I noticed it a couple of days ago when I was out for a walk. I had a bizarre vertical line in the vision in my left eye. The world for me was as if viewed from the window of a VW split screen campervan. It was still there the next day. First thoughts, was it a scratch on my contact lens? Naaah! Wouldn’t be in the same place both days. Worse still, had my age-related eye floaters finally got so bad that they were all holding hands in a stalactite/stalagmite arrangement? Grim thought. But not as grim as thought number three. Perhaps I had now got a brain tumour as well as all my other problems, and my sight was going to geometrically fragment so I ended up with the vision of a housefly.

Woman, get a grip! Eyelashes were the likely answer, and on close inspection there was the offending lash, breaking ranks with its colleagues and sticking down like a pig’s bristle. No matter how much I wet it, warmed it and bent it, it would not get back into line, so eventually I tugged it out.

This morning I noticed that my eyebrows had started to behave in the same way. I’d brushed aside a couple of ‘Dennis Healey’* comments without much thought, but, indeed, they have become as irrepressible as my lashes.

I don’t mind the bald head, but I’m really going to miss my lashes. So much, in fact, that I may have to try false ones. This is going to be one big learning curve for me, useless as I am at all feminine arts. They’ll be all over the place, especially now with my old people’s eyesight.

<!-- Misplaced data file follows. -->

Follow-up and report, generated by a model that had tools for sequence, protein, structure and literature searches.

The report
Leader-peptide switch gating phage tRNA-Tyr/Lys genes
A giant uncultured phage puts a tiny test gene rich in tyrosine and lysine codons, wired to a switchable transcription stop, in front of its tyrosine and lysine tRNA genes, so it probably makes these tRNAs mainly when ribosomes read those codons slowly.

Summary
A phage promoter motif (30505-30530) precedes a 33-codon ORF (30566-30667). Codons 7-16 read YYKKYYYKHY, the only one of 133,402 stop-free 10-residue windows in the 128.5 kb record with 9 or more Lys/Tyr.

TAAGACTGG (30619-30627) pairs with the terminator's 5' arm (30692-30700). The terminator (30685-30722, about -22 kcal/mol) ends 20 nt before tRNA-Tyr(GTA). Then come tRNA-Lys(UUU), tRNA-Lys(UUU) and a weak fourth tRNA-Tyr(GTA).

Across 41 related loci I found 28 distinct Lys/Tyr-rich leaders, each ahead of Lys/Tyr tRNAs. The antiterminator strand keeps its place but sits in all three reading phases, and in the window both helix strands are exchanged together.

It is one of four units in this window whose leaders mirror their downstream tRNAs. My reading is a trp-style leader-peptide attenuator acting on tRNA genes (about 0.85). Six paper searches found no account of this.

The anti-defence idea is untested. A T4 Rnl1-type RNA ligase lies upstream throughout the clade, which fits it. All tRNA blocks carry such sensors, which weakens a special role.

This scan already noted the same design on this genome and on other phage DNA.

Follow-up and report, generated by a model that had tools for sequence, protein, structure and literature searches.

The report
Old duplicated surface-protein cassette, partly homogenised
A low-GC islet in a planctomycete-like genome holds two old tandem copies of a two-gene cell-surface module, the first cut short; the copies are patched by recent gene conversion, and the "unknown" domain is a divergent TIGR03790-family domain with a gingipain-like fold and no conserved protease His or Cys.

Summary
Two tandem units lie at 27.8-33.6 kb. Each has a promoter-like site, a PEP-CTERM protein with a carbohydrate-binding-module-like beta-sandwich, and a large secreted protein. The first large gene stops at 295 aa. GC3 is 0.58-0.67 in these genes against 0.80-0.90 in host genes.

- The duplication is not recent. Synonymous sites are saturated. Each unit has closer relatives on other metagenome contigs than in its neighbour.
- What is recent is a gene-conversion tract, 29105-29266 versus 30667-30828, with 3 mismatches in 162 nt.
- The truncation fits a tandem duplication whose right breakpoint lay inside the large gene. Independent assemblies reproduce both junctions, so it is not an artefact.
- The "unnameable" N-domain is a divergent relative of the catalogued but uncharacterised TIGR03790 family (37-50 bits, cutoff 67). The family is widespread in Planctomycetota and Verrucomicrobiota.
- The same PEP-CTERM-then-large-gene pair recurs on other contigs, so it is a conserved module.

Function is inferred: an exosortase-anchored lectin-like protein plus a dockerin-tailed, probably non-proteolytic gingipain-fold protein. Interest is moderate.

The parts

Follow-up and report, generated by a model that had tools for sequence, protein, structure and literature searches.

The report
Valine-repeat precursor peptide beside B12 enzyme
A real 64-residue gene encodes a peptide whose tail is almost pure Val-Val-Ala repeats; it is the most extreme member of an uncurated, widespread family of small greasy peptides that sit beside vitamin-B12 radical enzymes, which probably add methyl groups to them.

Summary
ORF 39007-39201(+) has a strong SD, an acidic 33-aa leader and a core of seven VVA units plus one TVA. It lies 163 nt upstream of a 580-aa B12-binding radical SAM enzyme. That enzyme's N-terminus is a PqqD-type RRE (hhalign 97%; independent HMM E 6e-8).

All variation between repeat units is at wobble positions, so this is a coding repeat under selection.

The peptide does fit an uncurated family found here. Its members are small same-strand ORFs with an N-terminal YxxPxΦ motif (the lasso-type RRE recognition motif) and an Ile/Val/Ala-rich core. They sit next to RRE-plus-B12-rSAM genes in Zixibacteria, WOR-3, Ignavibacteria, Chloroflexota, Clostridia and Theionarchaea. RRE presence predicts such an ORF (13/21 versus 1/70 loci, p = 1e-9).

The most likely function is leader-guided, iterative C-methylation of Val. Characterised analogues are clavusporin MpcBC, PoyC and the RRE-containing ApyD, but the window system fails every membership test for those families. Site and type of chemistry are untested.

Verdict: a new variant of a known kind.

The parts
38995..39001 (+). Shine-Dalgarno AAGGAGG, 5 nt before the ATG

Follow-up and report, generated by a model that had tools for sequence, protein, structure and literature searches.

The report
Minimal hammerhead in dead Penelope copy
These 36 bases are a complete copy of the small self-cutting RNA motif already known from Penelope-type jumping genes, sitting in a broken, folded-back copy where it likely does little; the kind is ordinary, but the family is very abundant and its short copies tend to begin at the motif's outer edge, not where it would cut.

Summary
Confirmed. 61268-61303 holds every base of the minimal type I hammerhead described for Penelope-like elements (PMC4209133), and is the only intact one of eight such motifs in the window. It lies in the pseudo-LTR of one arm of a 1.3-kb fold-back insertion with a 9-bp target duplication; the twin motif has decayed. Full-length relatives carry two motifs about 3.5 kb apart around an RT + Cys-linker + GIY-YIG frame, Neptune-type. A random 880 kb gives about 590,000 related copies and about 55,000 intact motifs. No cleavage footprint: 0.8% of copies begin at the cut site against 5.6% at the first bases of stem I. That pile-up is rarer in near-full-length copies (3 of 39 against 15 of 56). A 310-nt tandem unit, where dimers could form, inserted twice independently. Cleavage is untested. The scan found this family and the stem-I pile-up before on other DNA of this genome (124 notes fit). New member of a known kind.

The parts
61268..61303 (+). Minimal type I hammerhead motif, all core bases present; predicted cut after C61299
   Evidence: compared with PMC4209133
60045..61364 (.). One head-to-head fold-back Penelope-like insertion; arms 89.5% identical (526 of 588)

I’ll keep you posted.

*for non UK readers, Dennis Healey was a British politician with notoriously bushy eyebrows

Flying

What if the car breaks down? What if a deluge of snow blocks Telegraph Hill? What if a car transporter tips over and blocks all carriageways at Exeter? What if all traffic is halted because someone is threatening to jump from a footbridge over the M5? So, taking into account all my ‘what ifs?’, we arrive at the airport with 3 hours to spare.

A couple of rounds of sandwiches and drinks cost us £30.

Having taken all these precautions how do we still end up being the last on the plane?

Choosing the fastest queue through security, we make good progress, or so it seemed. Then everything grinds to a halt with the chap in front.

He has waited in the queue blithely ignoring the huge posters and looping video on big screens telling us about all the prohibited items. He’s got the lot. Scissors in his hand baggage, that has to be indecorously unpacked (I hope he’s on the return journey. Either that or he habitually dresses like Worzel Gummidge.) Then he’s got a studded belt that has to come off with great difficulty. Great laced boots that take an age to unravel and heave off. Large bottles of liquids and gels that all have to be argued about and confiscated…